Putin reportedly drafting a huge number of new conscripts

Putin reportedly drafting a huge number of new conscripts
AP Photo/Alexander Zemlianichenko

I’m positive that someone recently told us that Vladimir Putin was “pulling out” of large sections of Ukraine to concentrate his efforts in the Donbas region. That wouldn’t have been as good as a total withdrawal, but it would at least be better than nothing and possibly bring some relief to the citizens of Kyiv and other western cities. But was the story really true? The fact that Kyiv is still being shelled on a regular basis certainly doesn’t make it sound that way. And then there is this new report making the rounds today. Putin has allegedly signed an order authorizing the conscription of 135,000 new recruits for the Russian military. That’s a lot of manpower for a campaign that is allegedly winding down, wouldn’t you say? And even if he finds that many people willing to put on a uniform and march off to Ukraine, will they even obey their orders when they get there? (Tass)

Russian President Vladimir Putin has signed a decree on the Army’s spring draft that will run from April 1 to July 15 this year, according to the document posted on the website of the government’s legal information web portal on Monday.

“To draft 134,650 Russian citizens aged 18-27 for military service from April 1 to July 15 this year who are not in reserve and are subject to active duty,” the document says.

The decree also orders to discharge soldiers, seamen, sergeants and master sergeants whose conscription term has expired from military service.

Reading the wording of the order, it’s unclear whether this is mostly the normal rotation of troops replacing those that have finished their tour of service or if Putin is struggling to replace the thousands of Russian soldiers who have already died in his war in Ukraine. It’s likely a combination of both.

We’ve already learned that some of Putin’s own deputies had been feeding him bad information, likely not wanting to be the person tasked with giving the dictator news he wouldn’t like to hear. If reality is setting in and Putin has realized how badly things are going, bringing in fresh blood (literally, in some cases) might be part of his response.

How much good is it going to do, however, if you take tens of thousands of potentially unwilling conscripts with no real military training, slap uniforms on them and send them into what they will soon learn is a very pitched and unpopular battle? We’ve already seen too many reports of Russian soldiers performing like rank amateurs and being routed in what was supposed to be an easy assault. Would Russia be sending in soldiers or cannon fodder?

And then there’s this. A U.K. intelligence chief said today that sources inside of Ukraine are reporting multiple instances where disheartened Russian troops are refusing to follow orders. They’ve taken to sabotaging their own equipment and, in at least one case, accidentally shooting down one of their own planes. Or at least they hope it was an accident.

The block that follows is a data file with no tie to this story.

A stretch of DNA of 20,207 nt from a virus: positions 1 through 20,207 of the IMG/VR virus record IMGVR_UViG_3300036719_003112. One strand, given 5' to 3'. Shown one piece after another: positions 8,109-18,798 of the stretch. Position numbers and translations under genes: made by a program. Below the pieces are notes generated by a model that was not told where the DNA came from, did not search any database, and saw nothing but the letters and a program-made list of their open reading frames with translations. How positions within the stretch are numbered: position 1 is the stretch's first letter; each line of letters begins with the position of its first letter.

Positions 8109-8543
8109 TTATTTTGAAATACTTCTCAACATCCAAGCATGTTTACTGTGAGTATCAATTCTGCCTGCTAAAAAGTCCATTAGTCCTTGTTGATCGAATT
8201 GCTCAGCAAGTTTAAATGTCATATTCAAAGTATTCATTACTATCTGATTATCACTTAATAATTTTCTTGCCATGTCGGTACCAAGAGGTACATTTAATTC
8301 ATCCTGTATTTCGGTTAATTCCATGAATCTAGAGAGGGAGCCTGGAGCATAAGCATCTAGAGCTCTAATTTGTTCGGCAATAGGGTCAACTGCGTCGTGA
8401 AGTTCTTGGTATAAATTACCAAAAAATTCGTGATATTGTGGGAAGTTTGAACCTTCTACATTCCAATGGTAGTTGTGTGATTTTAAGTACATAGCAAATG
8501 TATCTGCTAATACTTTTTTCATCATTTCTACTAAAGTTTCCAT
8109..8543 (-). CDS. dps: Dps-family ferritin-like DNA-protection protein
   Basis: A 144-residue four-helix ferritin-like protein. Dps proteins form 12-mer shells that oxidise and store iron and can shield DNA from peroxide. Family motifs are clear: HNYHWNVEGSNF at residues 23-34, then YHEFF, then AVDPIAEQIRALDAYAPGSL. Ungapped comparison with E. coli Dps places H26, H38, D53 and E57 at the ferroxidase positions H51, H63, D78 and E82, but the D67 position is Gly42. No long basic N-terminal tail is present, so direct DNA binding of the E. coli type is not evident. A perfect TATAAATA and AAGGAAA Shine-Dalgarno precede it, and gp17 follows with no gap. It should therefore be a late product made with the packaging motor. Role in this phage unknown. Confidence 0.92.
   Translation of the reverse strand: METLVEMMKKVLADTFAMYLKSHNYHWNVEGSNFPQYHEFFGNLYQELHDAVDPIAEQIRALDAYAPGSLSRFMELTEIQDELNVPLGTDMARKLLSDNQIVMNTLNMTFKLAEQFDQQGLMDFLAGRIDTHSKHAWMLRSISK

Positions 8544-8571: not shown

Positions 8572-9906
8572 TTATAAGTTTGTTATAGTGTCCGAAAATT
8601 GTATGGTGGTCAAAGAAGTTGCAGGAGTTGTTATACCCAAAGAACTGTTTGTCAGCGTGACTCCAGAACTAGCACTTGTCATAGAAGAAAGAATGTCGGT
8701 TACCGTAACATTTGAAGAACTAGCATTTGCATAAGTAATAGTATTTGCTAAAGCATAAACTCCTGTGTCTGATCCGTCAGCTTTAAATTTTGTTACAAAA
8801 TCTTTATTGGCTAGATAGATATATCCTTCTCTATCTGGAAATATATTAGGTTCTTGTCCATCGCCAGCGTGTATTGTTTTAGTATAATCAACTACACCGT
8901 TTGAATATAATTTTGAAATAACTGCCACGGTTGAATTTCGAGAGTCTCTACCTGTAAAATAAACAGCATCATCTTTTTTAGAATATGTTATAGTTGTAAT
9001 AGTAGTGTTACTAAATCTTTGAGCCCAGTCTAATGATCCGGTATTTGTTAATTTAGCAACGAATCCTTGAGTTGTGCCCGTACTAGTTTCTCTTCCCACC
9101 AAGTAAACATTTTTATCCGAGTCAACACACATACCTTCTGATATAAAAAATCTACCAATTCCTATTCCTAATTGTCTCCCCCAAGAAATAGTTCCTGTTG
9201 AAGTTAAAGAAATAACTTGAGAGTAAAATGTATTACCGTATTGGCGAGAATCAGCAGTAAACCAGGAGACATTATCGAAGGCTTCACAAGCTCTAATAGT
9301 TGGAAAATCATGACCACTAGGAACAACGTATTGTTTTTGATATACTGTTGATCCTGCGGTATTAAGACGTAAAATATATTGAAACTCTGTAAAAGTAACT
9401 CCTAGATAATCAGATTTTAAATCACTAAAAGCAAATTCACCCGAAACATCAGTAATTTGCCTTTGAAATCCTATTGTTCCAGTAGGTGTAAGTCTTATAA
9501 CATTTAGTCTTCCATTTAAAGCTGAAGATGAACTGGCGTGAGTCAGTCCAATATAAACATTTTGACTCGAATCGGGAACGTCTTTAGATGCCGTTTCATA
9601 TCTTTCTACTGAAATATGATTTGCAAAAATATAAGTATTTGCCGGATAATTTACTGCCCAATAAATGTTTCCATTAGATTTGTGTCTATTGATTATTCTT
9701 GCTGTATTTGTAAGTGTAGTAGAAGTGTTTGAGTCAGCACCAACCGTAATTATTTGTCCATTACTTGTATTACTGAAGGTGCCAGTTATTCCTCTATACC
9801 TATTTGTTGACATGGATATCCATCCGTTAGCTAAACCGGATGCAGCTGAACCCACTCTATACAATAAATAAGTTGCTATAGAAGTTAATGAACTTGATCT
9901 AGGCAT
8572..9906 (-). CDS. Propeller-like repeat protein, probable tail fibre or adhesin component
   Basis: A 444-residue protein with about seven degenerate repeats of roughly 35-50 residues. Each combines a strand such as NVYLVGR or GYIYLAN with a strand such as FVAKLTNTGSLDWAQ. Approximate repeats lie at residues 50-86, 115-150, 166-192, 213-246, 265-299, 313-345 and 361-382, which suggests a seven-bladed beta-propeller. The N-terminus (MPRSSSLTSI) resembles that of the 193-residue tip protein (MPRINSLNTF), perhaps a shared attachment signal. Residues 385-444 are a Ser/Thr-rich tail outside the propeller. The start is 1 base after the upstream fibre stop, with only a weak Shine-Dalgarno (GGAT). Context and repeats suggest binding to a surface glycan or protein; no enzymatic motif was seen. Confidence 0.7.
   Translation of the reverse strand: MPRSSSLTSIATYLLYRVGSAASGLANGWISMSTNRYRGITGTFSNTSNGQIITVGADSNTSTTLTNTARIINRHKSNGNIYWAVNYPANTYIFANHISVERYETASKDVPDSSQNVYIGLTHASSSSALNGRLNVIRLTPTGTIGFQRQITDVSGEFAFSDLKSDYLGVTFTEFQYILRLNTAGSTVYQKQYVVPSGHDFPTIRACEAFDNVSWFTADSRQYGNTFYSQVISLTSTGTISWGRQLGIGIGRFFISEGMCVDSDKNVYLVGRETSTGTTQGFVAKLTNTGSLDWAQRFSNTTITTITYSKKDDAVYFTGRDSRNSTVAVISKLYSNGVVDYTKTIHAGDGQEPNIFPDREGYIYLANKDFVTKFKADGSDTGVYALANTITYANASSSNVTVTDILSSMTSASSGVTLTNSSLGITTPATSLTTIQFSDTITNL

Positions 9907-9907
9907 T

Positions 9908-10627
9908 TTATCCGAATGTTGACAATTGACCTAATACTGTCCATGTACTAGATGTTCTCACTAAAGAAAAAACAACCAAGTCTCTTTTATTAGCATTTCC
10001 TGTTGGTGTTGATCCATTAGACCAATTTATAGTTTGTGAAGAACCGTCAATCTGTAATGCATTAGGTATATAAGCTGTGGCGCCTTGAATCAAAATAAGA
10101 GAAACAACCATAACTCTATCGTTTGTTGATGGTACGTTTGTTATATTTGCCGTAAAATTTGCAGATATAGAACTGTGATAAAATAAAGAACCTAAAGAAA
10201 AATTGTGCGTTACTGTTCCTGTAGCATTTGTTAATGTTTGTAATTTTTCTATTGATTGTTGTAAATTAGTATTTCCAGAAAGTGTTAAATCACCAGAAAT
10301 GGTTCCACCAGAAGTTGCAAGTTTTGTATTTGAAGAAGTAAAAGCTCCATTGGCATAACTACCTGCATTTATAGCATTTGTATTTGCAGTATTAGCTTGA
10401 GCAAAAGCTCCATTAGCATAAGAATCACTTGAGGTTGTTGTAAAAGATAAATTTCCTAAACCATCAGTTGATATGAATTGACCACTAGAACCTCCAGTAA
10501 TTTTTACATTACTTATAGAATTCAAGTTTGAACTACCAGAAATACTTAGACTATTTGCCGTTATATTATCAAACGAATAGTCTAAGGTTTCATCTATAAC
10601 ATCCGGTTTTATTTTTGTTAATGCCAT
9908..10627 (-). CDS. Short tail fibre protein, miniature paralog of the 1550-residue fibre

Demoralized Russian soldiers in Ukraine were refusing to carry out orders and sabotaging their own equipment and had accidentally shot down their own aircraft, a U.K. intelligence chief said on Thursday.

Jeremy Fleming, who heads the GCHQ electronic spy agency, made the remarks at a speech in the Australian capital Canberra.

Russian President Vladimir Putin had apparently “massively misjudged” the invasion, he said.

Before anyone gets their hopes up too much, even if the Russian ground offensive is staggering toward failure in large parts of the country, Putin can continue to pound all of the major cities with missile attacks. And there’s no sign that he’s slowed down in those efforts yet. Eventually, there may be nothing left of the Ukrainian cities to bomb except for piles of rubble. And the constant civilian casualties will eventually become overwhelming. Also, Russia has some built-in support in the Donbas region, so they may have an easier time of it there.

In warfare, however, there is a big difference between how much territory you can take and how much you can hold. Even if Putin is willing to “settle” for a larger partitioning of Ukraine, it’s very possible that he will still be facing a persistent and determined insurgency in any new lands he tries to claim. And how long will all of those conscripts be willing to fight insurgent forces on what should still technically be foreign soil when the death toll among the Russian infantry is already almost certainly above ten thousand and rising? Ukraine is far from being in the clear, but Mad Vlad may soon realize that he simply doesn’t have a clear path forward toward the type of victory he originally envisioned.

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